"[Chodorow's] essays brim with incisive, wry, and at times humorous insights…I greatly enjoyed the evocative reach of this book. The changing incarnation of her feminist vision not only illuminates Chodorow's engaging book, but also may keep beckoning her in her treasure hunt of ideas. We would all be rewarded in jogging along." - Lora Heims Tessman, Ph.D., Contemporary Psychoanalysis, Vol. 48, No. 3
"In Individualizing Gender and Sexuality, Chodorow brings together psychoanalytic and sociological analyses to ponder the questions of gender and sexuality… She builds a convincing argument that gender requires as much pluralist theoretical understanding as the 'clinical individual' him or herself… I find this complex layering to be the key strong point of the book… It will provoke questions. It will push you in a critical almost archaelogical search for texts that matter… In many ways, this book is an invitation into an exploration on gender. Bon voyage!" - Aleksandra A Staneva, University of Queensland, Psychotherapy and Counselling Journal of Australia
Psychoanalysis and Women from Margin to Center: A Retrospect. Part I: Theorists and Theory, 1905-2005. Freud's Three Essays on the Theory of Sexuality: A Reading. From Subjectivity in General to Subjective Gender in Particular: Rethinking Melanie Klein, "Mourning and its Relation to Manic-Depressive States." The Reproduction of Mothering: Reconsiderations. Prejudice Exposed: On Stephen Mitchell's Pioneering Investigations of the Psychoanalytic Treatment and Mistreatment of Homosexuality. Gender on the Modern/Postmodern and Classical/Relational Divide: Untangling History and Epistemology. Part II: Gender and Sexuality in Consulting Room and Culture. Glass Ceilings, Sticky Floors, and Concrete Walls: Internal and External Barriers to Women's Work and Achievement. "Too Late": The Reproduction and Non-reproduction of Mothering. Hate, Humiliation, and Masculinity. Beyond Sexual Difference: Same-sex/Cross-generation and Clinical Individuality in the Creation of Feminine and Masculine. Homosexualities as Compromise Formations.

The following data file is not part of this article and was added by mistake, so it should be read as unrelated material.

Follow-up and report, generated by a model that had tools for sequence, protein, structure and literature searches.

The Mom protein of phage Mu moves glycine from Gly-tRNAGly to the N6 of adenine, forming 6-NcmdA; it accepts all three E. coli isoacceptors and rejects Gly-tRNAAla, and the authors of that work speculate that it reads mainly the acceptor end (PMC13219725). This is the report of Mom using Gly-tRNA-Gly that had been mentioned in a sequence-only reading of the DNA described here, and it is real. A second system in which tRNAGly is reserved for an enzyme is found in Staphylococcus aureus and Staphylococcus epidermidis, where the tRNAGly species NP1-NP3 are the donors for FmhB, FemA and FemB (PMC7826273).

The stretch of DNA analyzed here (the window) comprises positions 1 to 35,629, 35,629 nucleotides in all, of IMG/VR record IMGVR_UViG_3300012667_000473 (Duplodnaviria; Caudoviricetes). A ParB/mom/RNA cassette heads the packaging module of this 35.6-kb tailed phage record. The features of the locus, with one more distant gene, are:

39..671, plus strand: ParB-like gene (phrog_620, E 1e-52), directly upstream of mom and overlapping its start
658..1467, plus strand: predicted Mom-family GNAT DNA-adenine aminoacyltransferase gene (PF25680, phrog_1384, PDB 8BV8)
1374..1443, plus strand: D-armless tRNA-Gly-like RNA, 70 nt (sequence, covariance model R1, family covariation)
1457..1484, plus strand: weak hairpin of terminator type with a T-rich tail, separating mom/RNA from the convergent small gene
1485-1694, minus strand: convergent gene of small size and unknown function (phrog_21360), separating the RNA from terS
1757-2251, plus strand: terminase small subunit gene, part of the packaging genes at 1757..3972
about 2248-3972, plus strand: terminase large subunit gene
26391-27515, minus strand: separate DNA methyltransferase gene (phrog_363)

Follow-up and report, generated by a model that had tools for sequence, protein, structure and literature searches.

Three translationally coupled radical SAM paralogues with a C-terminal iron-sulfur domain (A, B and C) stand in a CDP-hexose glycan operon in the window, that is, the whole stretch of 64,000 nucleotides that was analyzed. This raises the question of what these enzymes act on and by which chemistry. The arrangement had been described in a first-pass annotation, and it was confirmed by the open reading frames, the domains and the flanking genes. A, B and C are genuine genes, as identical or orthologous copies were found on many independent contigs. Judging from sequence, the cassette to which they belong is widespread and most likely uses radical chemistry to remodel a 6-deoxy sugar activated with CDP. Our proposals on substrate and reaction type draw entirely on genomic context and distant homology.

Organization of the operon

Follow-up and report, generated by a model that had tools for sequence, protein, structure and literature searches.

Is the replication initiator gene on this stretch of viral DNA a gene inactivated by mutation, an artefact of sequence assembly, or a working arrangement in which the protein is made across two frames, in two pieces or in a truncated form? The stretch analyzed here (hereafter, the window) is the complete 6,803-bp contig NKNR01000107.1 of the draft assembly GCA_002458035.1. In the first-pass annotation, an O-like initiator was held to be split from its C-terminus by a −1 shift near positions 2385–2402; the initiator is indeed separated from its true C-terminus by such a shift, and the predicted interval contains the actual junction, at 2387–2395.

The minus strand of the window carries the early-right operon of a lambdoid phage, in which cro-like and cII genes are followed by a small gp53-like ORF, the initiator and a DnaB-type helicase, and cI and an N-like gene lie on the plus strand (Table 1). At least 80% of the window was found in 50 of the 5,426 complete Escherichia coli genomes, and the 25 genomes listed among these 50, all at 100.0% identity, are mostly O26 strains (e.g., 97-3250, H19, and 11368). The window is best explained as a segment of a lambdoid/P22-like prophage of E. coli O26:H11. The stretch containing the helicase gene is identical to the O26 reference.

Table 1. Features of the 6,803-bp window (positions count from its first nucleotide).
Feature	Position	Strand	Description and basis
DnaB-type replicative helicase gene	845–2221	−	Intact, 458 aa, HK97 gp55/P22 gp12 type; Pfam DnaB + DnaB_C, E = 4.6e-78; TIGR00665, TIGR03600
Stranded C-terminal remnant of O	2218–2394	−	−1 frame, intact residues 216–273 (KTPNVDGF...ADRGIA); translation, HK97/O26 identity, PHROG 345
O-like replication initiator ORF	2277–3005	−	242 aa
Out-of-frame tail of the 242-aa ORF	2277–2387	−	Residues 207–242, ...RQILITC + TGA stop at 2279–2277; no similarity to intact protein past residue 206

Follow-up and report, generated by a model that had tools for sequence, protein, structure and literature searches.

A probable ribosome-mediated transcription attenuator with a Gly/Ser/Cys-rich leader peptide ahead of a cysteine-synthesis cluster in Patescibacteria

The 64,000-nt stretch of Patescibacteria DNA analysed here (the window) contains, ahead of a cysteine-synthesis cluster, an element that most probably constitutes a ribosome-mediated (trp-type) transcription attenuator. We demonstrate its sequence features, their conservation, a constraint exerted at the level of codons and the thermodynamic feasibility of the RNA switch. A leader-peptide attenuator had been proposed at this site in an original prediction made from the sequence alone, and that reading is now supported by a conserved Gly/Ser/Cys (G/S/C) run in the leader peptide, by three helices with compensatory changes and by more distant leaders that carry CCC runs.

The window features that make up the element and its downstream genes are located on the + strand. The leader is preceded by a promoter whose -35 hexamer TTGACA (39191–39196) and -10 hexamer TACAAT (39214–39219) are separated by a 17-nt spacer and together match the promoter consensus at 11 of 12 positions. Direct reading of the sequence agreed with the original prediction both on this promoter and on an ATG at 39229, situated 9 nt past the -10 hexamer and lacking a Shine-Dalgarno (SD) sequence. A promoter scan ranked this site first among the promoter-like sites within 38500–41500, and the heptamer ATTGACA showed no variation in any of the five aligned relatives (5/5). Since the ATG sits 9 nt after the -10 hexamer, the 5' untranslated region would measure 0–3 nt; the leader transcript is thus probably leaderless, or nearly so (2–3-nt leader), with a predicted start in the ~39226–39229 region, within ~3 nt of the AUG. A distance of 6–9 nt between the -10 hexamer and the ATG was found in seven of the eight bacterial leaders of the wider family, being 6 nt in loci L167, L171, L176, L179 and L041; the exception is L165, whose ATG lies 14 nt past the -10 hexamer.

The Relational Perspectives Book Series (RPBS) publishes books that grow out of or contribute to the relational tradition in contemporary psychoanalysis. The term relational psychoanalysis was first used by Greenberg and Mitchell (1983) to bridge the traditions of interpersonal relations, as developed within interpersonal psychoanalysis and object relations, as developed within contemporary British theory. But, under the seminal work of the late Stephen Mitchell, the term relational psychoanalysis grew and began to accrue to itself many other influences and developments. Various tributaries—interpersonal psychoanalysis, object relations theory, self psychology, empirical infancy research, and elements of contemporary Freudian and Kleinian thought—flow into this tradition, which understands relational configurations between self and others, both real and fantasied, as the primary subject of psychoanalytic investigation.
We refer to the relational tradition, rather than to a relational school, to highlight that we are identifying a trend, a tendency within contemporary psychoanalysis, not a more formally organized or coherent school or system of beliefs. Our use of the term relational signifies a dimension of theory and practice that has become salient across the wide spectrum of contemporary psychoanalysis. Now under the editorial supervision of Lewis Aron and Adrienne Harris with the assistance of Associate Editors Steven Kuchuck and Eyal Rozmarin, the Relational Perspectives Book Series originated in 1990 under the editorial eye of the late Stephen A. Mitchell. Mitchell was the most prolific and influential of the originators of the relational tradition. He was committed to dialogue among psychoanalysts and he abhorred the authoritarianism that dictated adherence to a rigid set of beliefs or technical restrictions. He championed open discussion, comparative and integrative approaches, and he promoted new voices across the generations.
Included in the Relational Perspectives Book Series are authors and works that come from within the relational tradition, extend and develop the tradition, as well as works that critique relational approaches or compare and contrast it with alternative points of view. The series includes our most distinguished senior psychoanalysts along with younger contributors who bring fresh vision.